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Oil giant Royal Dutch Shell wants everyone to talk about transforming the planet’s energy and is seeking out millennials as a key target in its plans to dominate the global conversation, according to a leaked strategy document obtained by international environmental activists at Greenpeace.
Although the Shell strategy aims to promote what it described as a path to “net zero emissions” in a world that tackles climate change, Greenpeace is accusing the Dutch oil giant of trying to manipulate public opinion and distract them from the impacts of its fossil fuel business.
The Shell strategy identifies “Energy Engaged Millennials” as the key to the company’s future business success and identifies Canada as one of four primary targets for its new message.
The so-called "Energy Engaged Millennials" would be “18 to 34 year olds who have an active, passive or latent interest in the subject of energy or in subjects that are heavily reliant on, or related to, energy (eg. social progress, urbanization, technology and innovation),” Shell said in the leaked strategy document.
“They are more open-minded (in general and with respect to Shell) than older generations so engaging with them appropriately at this point to develop brand loyalty,” said the leaked document. “Their social connectivity suggests they can potential(ly) influence others and have direct and significant impact on Shell’s business. Helping them to have a more realistic understanding and stronger appreciation of Shell (and equipping them with meaningful and relevant perspectives to share) will potentially result in more positive brand advocacy.”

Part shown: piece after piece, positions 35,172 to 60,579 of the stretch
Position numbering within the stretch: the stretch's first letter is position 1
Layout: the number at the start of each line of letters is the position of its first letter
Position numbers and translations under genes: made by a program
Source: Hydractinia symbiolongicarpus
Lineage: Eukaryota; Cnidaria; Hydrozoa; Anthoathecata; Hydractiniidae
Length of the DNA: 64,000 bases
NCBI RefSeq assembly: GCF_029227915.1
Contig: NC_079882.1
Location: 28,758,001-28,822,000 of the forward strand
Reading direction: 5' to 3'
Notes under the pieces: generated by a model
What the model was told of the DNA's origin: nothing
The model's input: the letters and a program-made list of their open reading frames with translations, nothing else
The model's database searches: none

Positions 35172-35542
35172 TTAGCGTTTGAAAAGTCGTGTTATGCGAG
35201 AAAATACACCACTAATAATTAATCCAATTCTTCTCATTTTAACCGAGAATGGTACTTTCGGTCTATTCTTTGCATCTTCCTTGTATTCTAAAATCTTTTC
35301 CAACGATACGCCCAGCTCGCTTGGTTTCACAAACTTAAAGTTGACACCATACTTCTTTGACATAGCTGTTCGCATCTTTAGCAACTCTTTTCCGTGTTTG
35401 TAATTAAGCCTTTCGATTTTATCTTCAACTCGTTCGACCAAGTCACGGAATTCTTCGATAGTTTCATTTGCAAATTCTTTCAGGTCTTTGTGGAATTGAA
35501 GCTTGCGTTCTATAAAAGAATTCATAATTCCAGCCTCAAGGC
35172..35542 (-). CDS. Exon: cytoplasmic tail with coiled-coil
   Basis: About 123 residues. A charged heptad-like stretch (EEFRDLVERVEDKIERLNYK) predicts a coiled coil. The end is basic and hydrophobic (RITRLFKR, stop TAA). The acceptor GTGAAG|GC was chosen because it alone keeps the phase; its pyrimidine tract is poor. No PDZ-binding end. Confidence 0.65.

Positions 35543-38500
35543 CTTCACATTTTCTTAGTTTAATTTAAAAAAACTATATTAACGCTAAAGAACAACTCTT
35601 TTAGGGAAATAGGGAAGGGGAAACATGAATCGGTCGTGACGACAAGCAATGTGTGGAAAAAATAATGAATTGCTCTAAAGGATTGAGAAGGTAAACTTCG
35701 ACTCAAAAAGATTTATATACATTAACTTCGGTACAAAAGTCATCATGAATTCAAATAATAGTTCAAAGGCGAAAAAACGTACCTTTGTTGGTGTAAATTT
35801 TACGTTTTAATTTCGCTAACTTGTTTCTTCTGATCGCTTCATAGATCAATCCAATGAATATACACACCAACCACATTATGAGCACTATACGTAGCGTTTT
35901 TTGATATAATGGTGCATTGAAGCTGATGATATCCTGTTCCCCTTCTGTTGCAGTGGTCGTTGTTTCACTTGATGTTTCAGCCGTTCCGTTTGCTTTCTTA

Shell says it has designed its net zero emissions strategy to promote a shift toward a prosperous future with lower carbon pollution, while building its business that is now a major source of the heat-trapping emissions.
But Greenpeace ridiculed the strategy saying it was designed to ensure people don’t recognize that the planet needs to leave oil in the ground if it wants to tackle climate change.
“Shell’s whole PR strategy is sleight of hand performed by an incumbent oil giant that really doesn’t want you to pay attention to its ongoing and significant contribution to climate change,” wrote Georgie Johnson, the social media editor at the Greenpeace energy desk in a published commentary.
She said the company is also aiming to change the channel on news about its oil spills, its offshore drilling woes as well as criticism that it is lobbying against electric cars.
Johnson also criticized Shell for neglecting to include electric cars in some of its recent public messages, instead focusing on incomplete technologies such as carbon capture and storage systems in vehicles or a proposal to deploy a car that is powered by saltwater.
She noted that the latter option "sadly doesn’t work for vehicles more than about two inches long."
Shell didn't respond to requests for comment from National Observer.